Illinois Information Service

Brad Palmer, WSIU Radio

Governor Pat Quinn is announcing more than $11.5 million in disaster relief for communities hit hard by last November's tornadoes.


The State Department of Public Health says an Illinois man infected with "MERS" is no longer contagious.

Director Dr. Lamar Hasbrouck says the man likely contracted the Middle Eastern Respiratory Syndrome (MERS) from the original case that popped up in the U.S. earlier this month...but has now tested negative for his ability to spread the virus. The man did not require medical care.

Hasbrouck says they are still determining just how contagious MERS is. But, he saysi t seems to be spread by close contact with an infected person.

Associated Press

Gov. Pat Quinn has gone to one of Illinois' most popular entertainment districts to press his message that guns and alcohol are a ``toxic mix.''

Quinn spoke Friday outside Wrigley Field, standing with the many bars and restaurants of Chicago's Wrigleyville neighborhood as a backdrop.

Quinn says letting people carry guns into bars and restaurants is ``a prescription for violence and disaster.'' He says it'll also further hurt Illinois' image around the world...not to mention the state's sizable tourism industry.


July is Elder Abuse Awareness and Prevention Month in Illinois.

It's estimated about five percent of seniors in Illinois suffer abuse each year...and most cases go unreported.

State Department on Aging spokesperson Kimberly Parker says a 24-hour hotline takes calls about possible abuse...with nearly 12 thousand coming in last year alone.

This month's awareness campaign coincides with the Department on Aging extending its adult protective services to people with disabilities ages 18 to 59 who live in a domestic setting.

Visitors now have even more time to enjoy their favorite Illinois historic sites.

State historic preservation agency spokesperson Chris Wills says six sites have extended their hours and are now open seven days a week.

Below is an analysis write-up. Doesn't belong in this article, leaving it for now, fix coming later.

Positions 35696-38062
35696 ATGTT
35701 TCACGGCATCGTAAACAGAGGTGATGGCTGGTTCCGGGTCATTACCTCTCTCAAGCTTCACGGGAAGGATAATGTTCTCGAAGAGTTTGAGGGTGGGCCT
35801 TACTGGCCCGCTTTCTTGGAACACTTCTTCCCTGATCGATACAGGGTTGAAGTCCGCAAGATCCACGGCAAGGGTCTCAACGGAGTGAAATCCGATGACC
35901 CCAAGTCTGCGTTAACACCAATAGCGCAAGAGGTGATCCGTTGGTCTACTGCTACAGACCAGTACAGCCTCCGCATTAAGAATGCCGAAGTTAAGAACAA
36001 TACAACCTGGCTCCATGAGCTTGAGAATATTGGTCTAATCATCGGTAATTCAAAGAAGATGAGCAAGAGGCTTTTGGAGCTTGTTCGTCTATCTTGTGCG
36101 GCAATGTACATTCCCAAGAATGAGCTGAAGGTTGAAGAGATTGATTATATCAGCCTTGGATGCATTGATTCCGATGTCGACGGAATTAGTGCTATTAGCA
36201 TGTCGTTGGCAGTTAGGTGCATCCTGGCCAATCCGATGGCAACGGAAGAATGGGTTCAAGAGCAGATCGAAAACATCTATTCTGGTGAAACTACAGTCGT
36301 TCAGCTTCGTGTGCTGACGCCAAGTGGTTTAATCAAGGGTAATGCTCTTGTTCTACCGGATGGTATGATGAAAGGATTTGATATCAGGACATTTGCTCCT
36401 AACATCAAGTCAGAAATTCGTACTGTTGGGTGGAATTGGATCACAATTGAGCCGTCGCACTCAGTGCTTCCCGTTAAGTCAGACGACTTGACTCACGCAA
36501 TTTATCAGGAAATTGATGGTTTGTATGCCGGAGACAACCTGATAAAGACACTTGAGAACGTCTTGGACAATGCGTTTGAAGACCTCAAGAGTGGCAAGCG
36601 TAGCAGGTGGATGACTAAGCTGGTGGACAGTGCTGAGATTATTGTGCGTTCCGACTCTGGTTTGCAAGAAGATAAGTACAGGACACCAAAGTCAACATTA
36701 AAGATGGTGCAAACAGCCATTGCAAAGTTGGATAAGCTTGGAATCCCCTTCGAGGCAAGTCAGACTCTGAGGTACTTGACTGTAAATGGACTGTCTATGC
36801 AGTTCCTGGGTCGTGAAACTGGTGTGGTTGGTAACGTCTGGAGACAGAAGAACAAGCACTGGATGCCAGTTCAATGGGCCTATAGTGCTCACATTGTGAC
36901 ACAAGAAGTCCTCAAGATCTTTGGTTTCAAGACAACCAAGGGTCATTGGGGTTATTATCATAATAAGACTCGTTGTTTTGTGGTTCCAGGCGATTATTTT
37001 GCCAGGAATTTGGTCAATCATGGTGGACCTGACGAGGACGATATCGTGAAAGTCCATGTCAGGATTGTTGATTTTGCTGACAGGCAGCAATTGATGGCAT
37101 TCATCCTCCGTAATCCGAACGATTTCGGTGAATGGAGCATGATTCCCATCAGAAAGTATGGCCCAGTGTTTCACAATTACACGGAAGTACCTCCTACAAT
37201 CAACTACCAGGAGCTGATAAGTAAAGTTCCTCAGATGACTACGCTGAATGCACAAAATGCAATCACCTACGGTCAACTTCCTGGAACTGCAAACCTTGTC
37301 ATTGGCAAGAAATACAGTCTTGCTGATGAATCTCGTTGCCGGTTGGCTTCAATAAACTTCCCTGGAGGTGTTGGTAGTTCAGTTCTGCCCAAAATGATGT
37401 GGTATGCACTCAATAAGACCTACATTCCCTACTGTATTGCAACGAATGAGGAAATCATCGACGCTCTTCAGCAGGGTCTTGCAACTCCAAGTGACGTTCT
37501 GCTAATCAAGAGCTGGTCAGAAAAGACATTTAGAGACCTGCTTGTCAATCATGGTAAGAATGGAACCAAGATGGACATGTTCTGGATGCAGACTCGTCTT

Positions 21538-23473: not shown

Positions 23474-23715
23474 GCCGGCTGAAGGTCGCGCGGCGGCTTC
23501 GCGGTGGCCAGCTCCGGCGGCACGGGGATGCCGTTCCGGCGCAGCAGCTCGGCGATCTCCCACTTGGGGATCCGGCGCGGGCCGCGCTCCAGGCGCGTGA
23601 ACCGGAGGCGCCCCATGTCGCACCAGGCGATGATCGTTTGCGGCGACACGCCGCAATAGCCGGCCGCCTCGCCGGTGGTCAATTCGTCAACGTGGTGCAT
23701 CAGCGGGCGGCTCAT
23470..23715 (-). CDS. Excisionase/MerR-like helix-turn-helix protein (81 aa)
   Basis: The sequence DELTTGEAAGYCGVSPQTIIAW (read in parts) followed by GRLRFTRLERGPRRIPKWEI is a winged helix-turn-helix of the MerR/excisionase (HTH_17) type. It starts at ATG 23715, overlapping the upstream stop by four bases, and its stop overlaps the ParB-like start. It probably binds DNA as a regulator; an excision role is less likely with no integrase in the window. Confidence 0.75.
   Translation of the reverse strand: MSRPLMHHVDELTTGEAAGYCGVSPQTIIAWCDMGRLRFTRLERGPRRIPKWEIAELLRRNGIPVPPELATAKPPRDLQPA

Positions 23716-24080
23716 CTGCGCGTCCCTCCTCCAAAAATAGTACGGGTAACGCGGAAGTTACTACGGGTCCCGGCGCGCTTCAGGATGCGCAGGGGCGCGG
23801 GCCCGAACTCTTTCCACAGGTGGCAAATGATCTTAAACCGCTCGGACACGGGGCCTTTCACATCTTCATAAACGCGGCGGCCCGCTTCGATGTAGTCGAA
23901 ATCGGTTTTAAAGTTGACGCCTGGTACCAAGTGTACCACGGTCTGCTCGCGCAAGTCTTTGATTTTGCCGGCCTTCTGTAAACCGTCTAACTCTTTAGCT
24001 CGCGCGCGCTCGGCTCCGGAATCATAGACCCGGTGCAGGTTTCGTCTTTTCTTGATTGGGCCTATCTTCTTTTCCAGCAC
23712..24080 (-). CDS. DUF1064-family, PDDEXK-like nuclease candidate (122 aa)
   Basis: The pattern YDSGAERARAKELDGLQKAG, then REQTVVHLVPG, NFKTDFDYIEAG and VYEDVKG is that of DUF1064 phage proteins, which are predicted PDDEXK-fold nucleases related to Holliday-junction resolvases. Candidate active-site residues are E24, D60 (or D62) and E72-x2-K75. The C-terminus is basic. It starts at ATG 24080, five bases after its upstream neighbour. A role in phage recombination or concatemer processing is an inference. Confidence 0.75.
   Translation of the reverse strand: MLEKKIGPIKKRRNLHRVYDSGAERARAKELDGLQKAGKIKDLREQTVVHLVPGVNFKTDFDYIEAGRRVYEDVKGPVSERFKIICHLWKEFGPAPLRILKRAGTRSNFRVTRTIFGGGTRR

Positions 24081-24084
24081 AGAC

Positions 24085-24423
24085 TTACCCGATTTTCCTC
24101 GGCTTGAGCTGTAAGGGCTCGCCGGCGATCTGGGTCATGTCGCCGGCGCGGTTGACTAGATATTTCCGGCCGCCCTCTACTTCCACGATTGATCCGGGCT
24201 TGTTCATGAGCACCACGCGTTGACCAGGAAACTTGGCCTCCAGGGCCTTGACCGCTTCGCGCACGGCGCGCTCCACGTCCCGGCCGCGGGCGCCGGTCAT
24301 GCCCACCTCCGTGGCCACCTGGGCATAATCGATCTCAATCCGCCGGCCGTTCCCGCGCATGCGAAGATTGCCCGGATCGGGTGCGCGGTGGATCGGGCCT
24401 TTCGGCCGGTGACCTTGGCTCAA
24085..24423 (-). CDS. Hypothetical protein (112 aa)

In addition...Wills says two sites are now open for the of which is the Pierre Menard Home in Randolph County.

For more information on all the historic sites across the state...visit the website:

It's been a pretty quiet start to 2013 when it comes to severe weather in Illinois.

So far in 2013 only two tornadoes have been reported in Illinois. That's a far cry from the 22 already on the books at this time last year.  That includes the deadly February tornado in Harrisburg that killed eight people.  But state climatologist Jim Angel says that could easily change as the temperatures begin to warm up.   Angel says there have also only been 25 reports of hail and 62 reports of wind damage so far in Illinois this year. 

There may soon be more restrictions on cell phone use for those who drive in Illinois.

The House Friday approved a bill that would make it illegal to talk on a handheld cell phone while driving. The measure passed on a 64-46 vote.   It would continue to allow drivers to talk on their cell phones as long as they are using a hands-free device. The restrictions would apply to smart phones, tablets, and other hand held electronic communications devices.  Texting while driving is already against the law in Illinois.